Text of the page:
Ex-con, exoneration, ex-wife: An interesting property division dilemma

On Behalf of | Sep 15, 2012 | Uncategorized

As we have discussed in earlier posts, Illinois is not a “community property” state. Instead of splitting marital property 50/50 in a divorce, the parties — or the court — divide property equitably, taking a number of factors into consideration. It is hard to say if the case we discuss below would be decided any differently in an equitable property division state, but the outcome in the community property jurisdiction was pretty interesting.

When a woman divorced her husband in 1992, he was sitting in a state prison, having been convicted of serial rape and sent there some 10 years earlier. When the divorce was final, she may have thought that she had received all of the marital property she was ever likely to receive. After her ex-husband had served a total of 24 years in prison on the rape conviction, however, he was exonerated and cleared of all charges.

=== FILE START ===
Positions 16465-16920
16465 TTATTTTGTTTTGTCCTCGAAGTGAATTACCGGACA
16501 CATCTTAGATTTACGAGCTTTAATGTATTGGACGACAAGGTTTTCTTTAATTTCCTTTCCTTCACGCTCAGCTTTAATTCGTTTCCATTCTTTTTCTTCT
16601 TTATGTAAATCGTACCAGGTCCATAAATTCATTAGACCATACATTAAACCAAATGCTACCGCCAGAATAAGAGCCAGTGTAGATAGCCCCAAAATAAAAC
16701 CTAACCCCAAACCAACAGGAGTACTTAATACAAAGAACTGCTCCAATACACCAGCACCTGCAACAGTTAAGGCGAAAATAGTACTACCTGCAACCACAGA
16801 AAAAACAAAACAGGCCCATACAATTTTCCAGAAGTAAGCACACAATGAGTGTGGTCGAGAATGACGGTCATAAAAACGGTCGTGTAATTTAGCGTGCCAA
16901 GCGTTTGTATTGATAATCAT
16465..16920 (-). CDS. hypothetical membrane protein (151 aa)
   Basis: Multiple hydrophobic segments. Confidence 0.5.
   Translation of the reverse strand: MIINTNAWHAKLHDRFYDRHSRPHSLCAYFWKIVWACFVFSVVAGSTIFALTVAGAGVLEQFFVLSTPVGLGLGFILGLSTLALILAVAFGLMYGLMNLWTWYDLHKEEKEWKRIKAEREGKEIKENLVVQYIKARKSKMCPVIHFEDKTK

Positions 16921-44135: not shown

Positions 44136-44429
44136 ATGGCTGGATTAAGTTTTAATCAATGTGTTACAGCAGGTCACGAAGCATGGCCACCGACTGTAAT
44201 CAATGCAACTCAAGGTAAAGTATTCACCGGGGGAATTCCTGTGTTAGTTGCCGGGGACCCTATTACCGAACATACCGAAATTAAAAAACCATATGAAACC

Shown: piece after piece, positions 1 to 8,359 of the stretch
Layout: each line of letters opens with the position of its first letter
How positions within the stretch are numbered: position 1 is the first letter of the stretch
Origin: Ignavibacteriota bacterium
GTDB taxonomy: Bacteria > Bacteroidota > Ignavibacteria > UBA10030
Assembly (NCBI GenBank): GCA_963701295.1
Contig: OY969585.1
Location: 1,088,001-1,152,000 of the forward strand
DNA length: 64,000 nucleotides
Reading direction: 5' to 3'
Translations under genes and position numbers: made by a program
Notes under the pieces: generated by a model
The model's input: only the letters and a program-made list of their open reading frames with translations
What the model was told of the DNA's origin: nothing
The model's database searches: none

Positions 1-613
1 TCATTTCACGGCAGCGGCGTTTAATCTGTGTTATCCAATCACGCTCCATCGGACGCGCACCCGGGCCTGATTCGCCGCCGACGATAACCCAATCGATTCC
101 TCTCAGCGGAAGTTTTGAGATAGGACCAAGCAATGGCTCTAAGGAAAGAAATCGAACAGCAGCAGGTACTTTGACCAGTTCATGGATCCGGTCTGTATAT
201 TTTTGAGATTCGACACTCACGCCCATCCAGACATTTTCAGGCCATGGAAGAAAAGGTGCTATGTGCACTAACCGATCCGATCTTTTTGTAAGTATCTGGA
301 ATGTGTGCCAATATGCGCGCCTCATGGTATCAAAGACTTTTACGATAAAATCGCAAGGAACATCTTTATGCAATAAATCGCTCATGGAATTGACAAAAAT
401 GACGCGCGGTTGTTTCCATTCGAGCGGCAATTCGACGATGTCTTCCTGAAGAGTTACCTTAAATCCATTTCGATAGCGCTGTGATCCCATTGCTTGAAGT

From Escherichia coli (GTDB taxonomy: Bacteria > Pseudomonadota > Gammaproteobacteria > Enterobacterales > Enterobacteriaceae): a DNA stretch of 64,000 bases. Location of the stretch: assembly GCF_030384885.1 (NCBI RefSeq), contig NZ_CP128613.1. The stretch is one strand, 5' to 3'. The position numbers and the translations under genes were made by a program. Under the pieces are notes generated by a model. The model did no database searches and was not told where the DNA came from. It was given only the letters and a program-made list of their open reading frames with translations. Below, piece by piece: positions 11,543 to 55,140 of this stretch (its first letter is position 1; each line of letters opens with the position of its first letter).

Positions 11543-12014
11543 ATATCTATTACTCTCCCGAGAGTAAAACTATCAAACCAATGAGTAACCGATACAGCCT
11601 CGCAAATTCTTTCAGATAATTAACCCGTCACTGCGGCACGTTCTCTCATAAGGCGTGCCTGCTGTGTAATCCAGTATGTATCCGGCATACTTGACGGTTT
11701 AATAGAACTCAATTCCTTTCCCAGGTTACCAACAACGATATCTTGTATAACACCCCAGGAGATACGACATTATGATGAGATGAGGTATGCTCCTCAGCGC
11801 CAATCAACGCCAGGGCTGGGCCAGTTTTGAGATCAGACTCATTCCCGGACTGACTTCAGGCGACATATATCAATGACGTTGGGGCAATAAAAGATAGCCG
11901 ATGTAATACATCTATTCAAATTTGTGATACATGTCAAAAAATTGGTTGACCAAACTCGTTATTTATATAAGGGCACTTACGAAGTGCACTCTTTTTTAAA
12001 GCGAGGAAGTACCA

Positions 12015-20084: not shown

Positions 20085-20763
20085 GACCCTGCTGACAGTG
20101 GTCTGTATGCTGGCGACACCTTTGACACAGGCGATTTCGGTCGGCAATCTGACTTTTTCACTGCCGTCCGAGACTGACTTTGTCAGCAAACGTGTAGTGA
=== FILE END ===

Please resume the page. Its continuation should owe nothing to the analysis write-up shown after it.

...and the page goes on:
As a result, under that state’s laws, he was entitled to an award of more than $4 million. The award was calculated of the basis of $50,000 for each year of wrongful confinement, an amount set by statute. The ex-wife went back to court and argued that, since she was still married to the man for a portion of the time that he was wrongfully incarcerated, some of the award was community property, and she was entitled to her fair share.

In a recent ruling on the ex-wife’s petition, a judge agreed. The court calculated that $228,919 of the anticipated wrongful conviction award constituted community property, and the wife was entitled to a one-half share, or $114,459.50.

Again, there is no way to know how these facts would have played out in an Illinois courtroom. We do have a law that requires the state to compensate anyone who has been unjustly imprisoned, but our formula is a little different: The total award, covering the entire 24 years of the man’s sentence, would have been just $199,150.

No matter how much the award is, though, one thing is clear: There was more than one victim of his wrongful conviction.

Source: Courthouse News, “Ex-Wife Can Collect on Cleared Rape Conviction,” David Lee, Sept. 10, 2012

Our firm handles property settlement matters like the one discussed in this post. If you would like to learn more about our practice, please visit the Libertyville property division page on our website.


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